There were so many clues left behind from yesterdays. I wonder what it would be like to tell a story not only about the books in a person's library, but also the treasures dwelling within those books.

And then there are stories like the one from last week, the ones that wouldn't be the same without the physical.

But first, a little history.

I had started back to college a bit earlier than most of my friends for RA training and was left with some free time on my hands. I went to the bookstore to pick up books for my classes, thinking I would read a few of my required novels early and give myself a break later in the semester. While I was there I stumbled upon a thin paperback. Non-fiction. A memoir. I remembered that a friend had recently been talking about it and how much she had enjoyed the book, so I bought it. I read it in one sitting and I loved it. I have carried it around with me (from state to state, home to home) for the past 15 years.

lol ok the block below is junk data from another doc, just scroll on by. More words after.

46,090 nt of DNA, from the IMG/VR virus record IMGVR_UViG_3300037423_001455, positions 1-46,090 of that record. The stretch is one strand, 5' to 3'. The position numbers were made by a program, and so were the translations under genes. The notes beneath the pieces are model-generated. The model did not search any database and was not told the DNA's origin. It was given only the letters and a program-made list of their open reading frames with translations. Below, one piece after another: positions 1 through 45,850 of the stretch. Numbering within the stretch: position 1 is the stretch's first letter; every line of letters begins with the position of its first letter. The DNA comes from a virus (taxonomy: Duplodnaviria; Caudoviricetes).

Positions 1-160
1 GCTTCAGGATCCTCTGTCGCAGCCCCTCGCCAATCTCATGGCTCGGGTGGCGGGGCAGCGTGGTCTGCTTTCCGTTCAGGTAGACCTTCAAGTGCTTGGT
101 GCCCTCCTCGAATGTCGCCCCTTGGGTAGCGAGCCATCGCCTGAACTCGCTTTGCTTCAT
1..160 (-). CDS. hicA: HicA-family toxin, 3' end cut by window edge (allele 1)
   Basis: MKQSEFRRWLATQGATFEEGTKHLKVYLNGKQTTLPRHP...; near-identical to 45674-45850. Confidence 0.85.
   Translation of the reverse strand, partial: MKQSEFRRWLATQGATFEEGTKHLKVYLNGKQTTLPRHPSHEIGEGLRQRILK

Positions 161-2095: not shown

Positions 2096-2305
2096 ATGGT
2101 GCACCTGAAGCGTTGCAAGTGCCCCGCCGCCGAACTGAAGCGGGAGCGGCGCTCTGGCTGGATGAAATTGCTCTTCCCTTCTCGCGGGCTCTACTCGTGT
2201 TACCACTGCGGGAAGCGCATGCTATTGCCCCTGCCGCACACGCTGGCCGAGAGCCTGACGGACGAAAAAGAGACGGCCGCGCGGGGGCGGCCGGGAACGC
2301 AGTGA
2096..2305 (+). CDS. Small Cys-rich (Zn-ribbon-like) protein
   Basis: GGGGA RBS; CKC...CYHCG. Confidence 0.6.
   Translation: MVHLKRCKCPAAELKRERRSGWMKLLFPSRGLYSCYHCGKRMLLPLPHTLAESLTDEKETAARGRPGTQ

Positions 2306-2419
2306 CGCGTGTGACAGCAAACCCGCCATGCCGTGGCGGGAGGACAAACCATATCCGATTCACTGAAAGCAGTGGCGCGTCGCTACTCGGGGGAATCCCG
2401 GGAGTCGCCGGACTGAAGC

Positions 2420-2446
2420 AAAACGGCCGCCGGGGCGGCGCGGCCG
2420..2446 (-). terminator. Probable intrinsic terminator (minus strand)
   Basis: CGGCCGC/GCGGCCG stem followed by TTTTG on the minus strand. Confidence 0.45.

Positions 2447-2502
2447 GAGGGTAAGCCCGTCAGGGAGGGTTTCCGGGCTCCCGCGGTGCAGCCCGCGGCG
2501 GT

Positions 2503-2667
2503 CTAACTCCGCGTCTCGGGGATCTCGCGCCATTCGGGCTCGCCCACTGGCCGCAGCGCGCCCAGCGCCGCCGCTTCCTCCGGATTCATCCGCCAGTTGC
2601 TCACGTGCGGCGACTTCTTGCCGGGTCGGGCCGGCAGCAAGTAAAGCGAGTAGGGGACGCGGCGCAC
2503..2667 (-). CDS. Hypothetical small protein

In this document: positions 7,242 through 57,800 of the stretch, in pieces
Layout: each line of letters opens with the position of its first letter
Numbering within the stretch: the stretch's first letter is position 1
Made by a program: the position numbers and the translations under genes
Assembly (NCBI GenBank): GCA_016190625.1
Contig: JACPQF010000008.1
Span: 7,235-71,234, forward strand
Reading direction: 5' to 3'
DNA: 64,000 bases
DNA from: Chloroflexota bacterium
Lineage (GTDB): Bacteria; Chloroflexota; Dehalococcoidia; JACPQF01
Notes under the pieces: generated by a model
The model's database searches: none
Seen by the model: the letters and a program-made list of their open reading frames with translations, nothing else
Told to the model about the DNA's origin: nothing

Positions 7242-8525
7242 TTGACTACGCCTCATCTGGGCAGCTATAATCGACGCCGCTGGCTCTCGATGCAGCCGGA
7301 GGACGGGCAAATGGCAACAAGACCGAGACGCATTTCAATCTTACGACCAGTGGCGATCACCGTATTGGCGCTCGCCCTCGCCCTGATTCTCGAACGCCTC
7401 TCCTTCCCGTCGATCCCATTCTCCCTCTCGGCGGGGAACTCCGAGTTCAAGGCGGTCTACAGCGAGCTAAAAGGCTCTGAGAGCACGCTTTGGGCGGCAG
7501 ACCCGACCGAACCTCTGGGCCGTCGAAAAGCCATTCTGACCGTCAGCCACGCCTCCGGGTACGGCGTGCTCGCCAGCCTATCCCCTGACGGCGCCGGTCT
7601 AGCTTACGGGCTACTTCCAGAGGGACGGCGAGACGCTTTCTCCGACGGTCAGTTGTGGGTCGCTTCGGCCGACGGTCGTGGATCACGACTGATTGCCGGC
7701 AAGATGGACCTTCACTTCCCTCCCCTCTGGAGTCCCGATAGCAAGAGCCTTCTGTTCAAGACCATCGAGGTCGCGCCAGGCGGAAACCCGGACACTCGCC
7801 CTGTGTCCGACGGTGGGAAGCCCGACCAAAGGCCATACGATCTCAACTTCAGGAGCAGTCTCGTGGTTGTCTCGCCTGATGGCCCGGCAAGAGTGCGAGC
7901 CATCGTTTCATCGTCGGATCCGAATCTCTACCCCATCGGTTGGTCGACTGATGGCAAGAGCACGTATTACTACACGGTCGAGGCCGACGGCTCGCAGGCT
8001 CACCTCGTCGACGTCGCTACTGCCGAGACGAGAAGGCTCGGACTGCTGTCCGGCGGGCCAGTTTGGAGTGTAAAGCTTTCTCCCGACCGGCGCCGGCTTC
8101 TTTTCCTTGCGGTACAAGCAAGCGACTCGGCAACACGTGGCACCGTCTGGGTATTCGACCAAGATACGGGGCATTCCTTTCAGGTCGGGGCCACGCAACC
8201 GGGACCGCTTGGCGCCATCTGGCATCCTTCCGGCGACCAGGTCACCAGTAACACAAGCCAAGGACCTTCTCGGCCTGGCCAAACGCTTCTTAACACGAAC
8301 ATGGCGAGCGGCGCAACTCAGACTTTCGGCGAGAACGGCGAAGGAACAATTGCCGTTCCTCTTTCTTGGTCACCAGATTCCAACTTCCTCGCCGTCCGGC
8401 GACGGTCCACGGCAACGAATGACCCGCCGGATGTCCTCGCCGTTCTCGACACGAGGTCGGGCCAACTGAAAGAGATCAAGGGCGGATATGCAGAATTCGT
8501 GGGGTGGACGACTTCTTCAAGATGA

That book was Chelsea Cain's Dharma Girl. It has been out of print for quite a few years now.

In 2005 I picked up a new book that had just come into the bookstore. It was called Confessions of a Teen Sleuth and was a lovely story about how Nancy Drew was real and how that bitch, Carolyn Keene, had stolen her story. It was delightful, funny, and filled with references to childhood mysteries. It wasn't right away that I made the connection that this was the same author of the book I loved.

Two years later I was in the office at work when I spotted a white book with a red bloody hand print tucked inside an "evidence" bag. "Case # Heartsick, Item # Cain, Chelsea." I snagged it, read it, loved it.

Now it's five years later and it's the launch of the fifth Archie Sheridan/Gretchen Lowell (the Beauty Killer) book at Powell's. I'd been meaning to have her sign Dharma Girl for a long time, but I either forgot to bring it or decided not to. I have this thing (a courtesy?) where I really only like to have the author sign one book or maybe two. Since I had decided to buy the e-book for her latest, Kill You Twice, I didn't have it for her to sign.